Sunday, April 25, 2010

Everybody Loves Us, Nobody Hates Us

As Bill Maher pointed out Friday night, nothing displays the hypocrisy of the Tea Party movement more than their disconnect on defense spending. I think this is as much about ego as anything else. Most conservatives seem to feel like Merka is so crucial to global stability that without us, the planet would stop in its orbit.

Don’t get me wrong, I’m not discounting our importance to global stability and all, but I think for a lot of conservatives such feelings are rooted in fantasies going back to World War II: you know, the whole “we bailed your asses out” thing. We love to think that the world loves us--nay, owes us--don’t we?

It’s sorta like how Florida’s Teanuts rallied to keep the government’s hands off their NASA jobs. I love the idea of NASA and space exploration, but let’s remember that for much of Baby Boom America, it was our space program which brought us a collective ego boost back when we were battling the Russkies for global domination bragging rights. A lot of these folks don’t care about science or space, they care that we have these gazillion-billion dollar phallic symbols telling the world to suck on this.

So little wonder news like this rarely gets prominent play in the U.S. media:
Mass rally in Japan against US base on Okinawa

Nearly 100,000 people have attended a rally in Japan's southern island of Okinawa demanding that a US military base be moved off the island.

Under a 2006 agreement with the US, the US Marines' Futenma base was to be moved from the centre to the coast.

But demonstrators want Prime Minister Yukio Hatoyama to stick to an election pledge to remove it completely.

The row over the base has undermined relations between his centre-left Government and the US.


Japanese have long been resentful of the massive US base on the island, which is home to most of the 47,000 American troops based in Japan.

I’m sorry but why is it necessary for us to have 47,000 troops in Japan? Anyway, the Japanese government wants to move the base to the island of Tokunoshima, a place we don’t want to go. And they apparently don’t want us there, either. From April 19:

Tokunoshima residents rally against hosting Futenma


At least 11,000 people gathered Sunday on Tokunoshima to protest a plan to move U.S. Marine Corps Air Station Futenma from Okinawa to the island.

The rally, which had been planned for weeks and was expected to draw about 10,000 people, took place only a few days after it was reported that the U.S. had rejected Tokunoshima Island as a Futenma relocation site.

U.S. officials say moving Futenma's air operations to Tokunoshima, which is hundreds of kilometers away, would make it impossible to effectively conduct joint air, land and sea training with other marine units in Okinawa.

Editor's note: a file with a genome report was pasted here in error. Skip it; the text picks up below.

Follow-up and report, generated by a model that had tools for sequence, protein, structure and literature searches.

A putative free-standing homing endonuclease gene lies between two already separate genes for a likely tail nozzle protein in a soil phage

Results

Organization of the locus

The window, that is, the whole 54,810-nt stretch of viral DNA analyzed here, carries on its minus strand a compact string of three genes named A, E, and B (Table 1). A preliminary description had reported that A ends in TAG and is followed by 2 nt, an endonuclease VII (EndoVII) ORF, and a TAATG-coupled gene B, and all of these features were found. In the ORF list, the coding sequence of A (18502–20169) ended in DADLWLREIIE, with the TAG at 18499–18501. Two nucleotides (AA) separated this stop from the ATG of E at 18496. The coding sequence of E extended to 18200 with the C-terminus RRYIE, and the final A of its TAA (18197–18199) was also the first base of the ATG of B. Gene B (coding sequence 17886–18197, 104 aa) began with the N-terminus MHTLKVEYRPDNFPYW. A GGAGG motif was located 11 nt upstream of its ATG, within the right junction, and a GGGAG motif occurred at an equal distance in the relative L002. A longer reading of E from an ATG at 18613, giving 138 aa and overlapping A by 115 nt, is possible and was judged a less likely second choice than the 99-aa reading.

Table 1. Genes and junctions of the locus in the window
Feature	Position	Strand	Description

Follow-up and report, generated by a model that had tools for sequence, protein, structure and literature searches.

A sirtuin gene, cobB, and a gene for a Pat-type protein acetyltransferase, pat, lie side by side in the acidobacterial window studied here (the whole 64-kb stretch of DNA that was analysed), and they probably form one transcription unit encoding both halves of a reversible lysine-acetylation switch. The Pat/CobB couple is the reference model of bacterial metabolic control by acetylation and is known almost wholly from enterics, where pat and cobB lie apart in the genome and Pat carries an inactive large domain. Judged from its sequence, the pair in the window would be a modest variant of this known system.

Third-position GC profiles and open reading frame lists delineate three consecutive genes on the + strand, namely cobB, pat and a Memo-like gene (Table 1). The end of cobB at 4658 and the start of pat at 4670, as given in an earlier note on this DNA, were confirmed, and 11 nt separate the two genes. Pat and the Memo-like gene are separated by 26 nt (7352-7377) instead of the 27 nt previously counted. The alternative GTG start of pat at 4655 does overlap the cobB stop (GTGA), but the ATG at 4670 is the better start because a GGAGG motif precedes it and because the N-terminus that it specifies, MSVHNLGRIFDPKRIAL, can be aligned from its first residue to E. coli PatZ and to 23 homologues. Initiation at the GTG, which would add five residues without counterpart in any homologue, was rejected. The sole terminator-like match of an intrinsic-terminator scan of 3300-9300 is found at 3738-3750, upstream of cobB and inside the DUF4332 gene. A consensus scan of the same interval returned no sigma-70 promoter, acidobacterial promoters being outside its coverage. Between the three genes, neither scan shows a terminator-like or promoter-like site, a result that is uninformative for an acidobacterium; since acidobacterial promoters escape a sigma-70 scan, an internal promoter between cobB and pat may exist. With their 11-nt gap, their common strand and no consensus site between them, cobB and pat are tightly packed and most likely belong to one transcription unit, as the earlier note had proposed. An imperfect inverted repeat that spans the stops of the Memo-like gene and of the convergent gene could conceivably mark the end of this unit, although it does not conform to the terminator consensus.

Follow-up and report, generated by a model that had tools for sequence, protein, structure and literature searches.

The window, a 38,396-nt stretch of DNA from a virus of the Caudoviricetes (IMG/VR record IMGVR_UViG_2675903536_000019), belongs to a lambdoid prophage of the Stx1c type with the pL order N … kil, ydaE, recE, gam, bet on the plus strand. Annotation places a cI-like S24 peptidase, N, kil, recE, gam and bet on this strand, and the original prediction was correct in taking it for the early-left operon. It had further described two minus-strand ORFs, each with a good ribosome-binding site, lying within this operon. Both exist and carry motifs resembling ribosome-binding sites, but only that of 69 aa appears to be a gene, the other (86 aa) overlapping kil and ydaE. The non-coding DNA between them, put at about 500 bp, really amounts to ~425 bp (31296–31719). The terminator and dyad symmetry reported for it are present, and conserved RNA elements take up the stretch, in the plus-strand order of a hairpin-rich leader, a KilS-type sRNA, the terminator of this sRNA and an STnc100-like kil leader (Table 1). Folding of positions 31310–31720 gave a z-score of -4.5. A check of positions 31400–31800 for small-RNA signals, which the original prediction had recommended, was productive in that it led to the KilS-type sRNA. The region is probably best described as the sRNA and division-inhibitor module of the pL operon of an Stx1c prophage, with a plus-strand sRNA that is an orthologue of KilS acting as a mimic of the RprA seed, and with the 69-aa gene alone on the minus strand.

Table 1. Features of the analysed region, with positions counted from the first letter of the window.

It’s important for Americans to remember that we are not beloved around the world, much as we wish it were true. So many were puzzled by the 9/11 attacks, and “why do they hate us” became a national mourning cry. We heard that tired Bush line about being hated “for our freedoms,” which is asinine, simplistic, even jingoistic.

We are not hated for our freedoms. We are hated for our power, for our dominance, for the way we muscle our way around the world. Japan was once our foe, now our ally, but even here 100,000 citizens have rallied to get our troops off their soil. And our news media, if they cover the event at all, will relegate the story to the small print and back pages. It certainly won’t dominate our national conversation, where we talk about Tea Parties and Sarah Palin’s e-mail and the White House’s Wall Street reform plan.

Why do we have 47,000 troops in Iraq Japan? Because we won a war 65 years ago.

I am reminded of this excellent column by author Mohsin Hamid from 2007. Do read the whole thing, but I wanted to call attention to this part:

Americans need to educate themselves, from elementary school onward, about what their country has done abroad. And they need to play a more active role in ensuring that what the United States does abroad is not merely in keeping with a foreign policy elite's sense of realpolitik but also with the American public's own sense of American values.

Right now we have troops in Afghanistan, still mopping up “the final campaign of the Cold War” which Americans only know about thanks to a Hollywood movie starring Tom Hanks and Julia Roberts.

In Baghdad we have built an embassy-slash-military-base the size of Vatican City. In 65 years, will we still be in Afghanistan? Will we still be in Iraq? Will Americans wonder why we have thousands of troops in these foreign lands, will the Iraqis be rallying in the streets in numbers as high as 100,000 to get us to leave?

Or will the American empire have crumbled under its own weight by then?